Make Way for Lupines

In Maine, early June brings many delights, but few are as beautiful as a field full of lupines.  Every year, I look forward to their tall purple and pink spikes in the deep green grass. Lupines look lovely in gardens, but to me they are best in masses, in a field.

Here is a closer look. It doesn’t hurt to have some yellow buttercups in the mix, either.

Closer to home, in my gardens, everything is thriving. The hostas, not yet chewed to green lace by snails and slugs, are thriving and whole.

The chives are nearly in bloom. I like their spiky pinkness.

On a sadder note, yesterday we sprinkled Liam’s ashes in the backyard that he loved so much, by the ferns by the fence. We have a memorial bench in honor of my mother, Clif’s mother, our previous dog Seamus, and now Liam. The Buddha was purchased in memory of Clif’s mother, who was drawn to Buddhism. The cat was for my mother, who had a special fondness for these independent creatures. Now we need a stone dog to complete the set. A collie, if we can find one. We figure that will be close enough to a Sheltie. (Seamus was a Sheltie, too.)

This bench does not make our backyard a morbid place. Far from it. Instead, it is a place of peace and delight, where the memories of those we have loved come to visit us. They are always nearby.

 

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Galloping Spring

Spring has galloped into Maine, and she is nearly out of sight. The leaves are full sized, and the early flowers have become a sweet memory. Gone are the tulips and the daffodils, but the irises, daisies, and lupines are in glorious bloom. We are on the edge of summer, lovely summer, so welcome after the long, frigid winter we had.

On Sunday, Clif and I went for a bike ride along Maranacook Lake. A couple of hardy souls—children, of course—were swimming in the cold water.

Whenever we go on this bike ride—our everyday route—we are thankful to live in such a pretty little town that has so much water. Maranacook is only one of several lakes and big ponds in Winthrop.

In between gardening and biking, I have been working on my YA fantasy Library Lost. My first readers—my family—have commented and have made editing suggestions, which I am now implementing. I am fortunate to have a family of such good readers. Their advice is invaluable, and without them, my books wouldn’t be anywhere near as good.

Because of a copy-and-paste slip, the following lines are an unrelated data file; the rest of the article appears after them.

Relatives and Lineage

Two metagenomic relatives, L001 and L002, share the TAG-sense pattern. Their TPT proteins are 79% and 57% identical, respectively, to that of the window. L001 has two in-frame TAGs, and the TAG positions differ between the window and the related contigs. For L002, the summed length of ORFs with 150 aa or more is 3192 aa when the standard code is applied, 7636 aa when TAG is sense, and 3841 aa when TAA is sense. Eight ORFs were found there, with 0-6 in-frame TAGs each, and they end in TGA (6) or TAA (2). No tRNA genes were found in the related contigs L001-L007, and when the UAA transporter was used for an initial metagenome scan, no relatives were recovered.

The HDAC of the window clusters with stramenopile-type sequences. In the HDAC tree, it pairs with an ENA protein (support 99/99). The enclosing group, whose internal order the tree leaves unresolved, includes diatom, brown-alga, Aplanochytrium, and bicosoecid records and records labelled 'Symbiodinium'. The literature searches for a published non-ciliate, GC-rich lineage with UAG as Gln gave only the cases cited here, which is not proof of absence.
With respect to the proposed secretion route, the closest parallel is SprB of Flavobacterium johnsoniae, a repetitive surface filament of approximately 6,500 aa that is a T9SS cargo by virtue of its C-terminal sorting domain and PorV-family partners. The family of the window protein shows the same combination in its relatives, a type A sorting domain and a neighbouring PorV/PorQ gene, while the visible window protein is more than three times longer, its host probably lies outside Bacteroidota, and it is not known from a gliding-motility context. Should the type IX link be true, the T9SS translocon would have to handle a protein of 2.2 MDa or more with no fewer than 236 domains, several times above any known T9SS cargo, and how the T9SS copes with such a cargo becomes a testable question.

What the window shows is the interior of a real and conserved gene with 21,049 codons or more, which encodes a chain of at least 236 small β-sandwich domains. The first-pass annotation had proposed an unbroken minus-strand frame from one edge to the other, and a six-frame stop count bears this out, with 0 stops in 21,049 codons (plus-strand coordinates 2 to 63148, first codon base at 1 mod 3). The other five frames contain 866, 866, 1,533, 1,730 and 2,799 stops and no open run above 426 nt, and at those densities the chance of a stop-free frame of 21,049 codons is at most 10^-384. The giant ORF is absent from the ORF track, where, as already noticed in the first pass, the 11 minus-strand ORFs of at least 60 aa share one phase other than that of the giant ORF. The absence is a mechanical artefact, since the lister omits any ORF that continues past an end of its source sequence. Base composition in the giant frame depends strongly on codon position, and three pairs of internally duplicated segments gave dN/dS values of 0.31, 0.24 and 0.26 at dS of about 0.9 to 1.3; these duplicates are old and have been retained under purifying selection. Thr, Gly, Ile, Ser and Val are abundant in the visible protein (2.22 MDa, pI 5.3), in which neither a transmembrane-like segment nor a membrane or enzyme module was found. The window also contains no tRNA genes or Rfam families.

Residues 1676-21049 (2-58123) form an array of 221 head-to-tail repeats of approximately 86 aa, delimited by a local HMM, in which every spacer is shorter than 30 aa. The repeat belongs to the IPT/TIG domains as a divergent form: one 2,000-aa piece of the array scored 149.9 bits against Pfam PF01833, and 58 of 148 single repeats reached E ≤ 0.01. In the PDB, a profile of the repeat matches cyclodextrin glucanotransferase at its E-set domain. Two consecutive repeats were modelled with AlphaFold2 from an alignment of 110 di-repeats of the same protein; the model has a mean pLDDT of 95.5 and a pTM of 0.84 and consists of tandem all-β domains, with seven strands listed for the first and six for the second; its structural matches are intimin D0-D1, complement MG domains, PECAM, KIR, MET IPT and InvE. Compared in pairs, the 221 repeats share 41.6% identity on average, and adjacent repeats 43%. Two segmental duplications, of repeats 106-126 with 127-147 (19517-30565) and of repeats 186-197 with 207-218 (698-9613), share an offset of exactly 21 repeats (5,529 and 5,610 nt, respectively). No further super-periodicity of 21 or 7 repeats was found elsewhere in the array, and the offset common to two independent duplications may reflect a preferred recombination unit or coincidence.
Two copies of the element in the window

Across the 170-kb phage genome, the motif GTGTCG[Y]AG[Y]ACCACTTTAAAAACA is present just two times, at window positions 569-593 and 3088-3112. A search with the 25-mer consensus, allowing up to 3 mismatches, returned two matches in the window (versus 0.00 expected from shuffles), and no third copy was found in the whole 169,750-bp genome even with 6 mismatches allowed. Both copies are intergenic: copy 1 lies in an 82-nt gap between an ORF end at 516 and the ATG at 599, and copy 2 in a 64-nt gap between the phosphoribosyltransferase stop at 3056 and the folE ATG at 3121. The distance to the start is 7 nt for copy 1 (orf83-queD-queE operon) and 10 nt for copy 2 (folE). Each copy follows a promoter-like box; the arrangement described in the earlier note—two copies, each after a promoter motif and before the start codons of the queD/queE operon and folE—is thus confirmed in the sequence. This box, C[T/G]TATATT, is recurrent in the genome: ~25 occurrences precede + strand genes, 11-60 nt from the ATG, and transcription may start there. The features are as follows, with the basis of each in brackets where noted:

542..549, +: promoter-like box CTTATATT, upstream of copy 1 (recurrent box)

By the end of this week, Library Lost should be ready for copy editing. This is a long process, and while Library Lost is edited, I will begin the third book, Library Regained.

No rest for writers, but I wouldn’t have it any other way.

 

 

 

Comfort Me with Gardening

It has been a long, sad week without our dog buddy, Liam. I keep listening for him, wondering where he is. I save him bits of toast.  Is it time for him to go out? Very foolish to think these things, as I know he is gone, but old habits are hard to break.

Fortunately for me, the weather has been oh so fine, and I have worked in the gardens all week. Such a consolation, and I can only be grateful that Liam’s decline did not happen in the winter when we were stuck inside. Instead, like a terrier, I have been digging and moving hostas to fill in empty spots left by less hardy plants that didn’t make it. Finally, after nearly thirty years of gardening in this dry, shady yard, after spending too much money on plants that either died or didn’t thrive, I have given into hostas. Now, in our yard, hostas rule.

However, amid the calming foliage of the hostas, there are some budding irises, my favorites..

And front or back, everything is green, green, green. Our yard is held in the palm of the forest.

Amid the green, I love the dash of blue of the little fountain, given to me by “the kids” on my sixtieth birthday. When Clif and I sit on the patio, we can hear the gentle splash of water. So soothing.

And then there’s this dash of orange, which always livens things up.

Believe it or not, wild Sherlock is a comfort, too. He and his gentler sister, Ms. Watson, bring purring life to our evenings, settling beside us as we watch TV.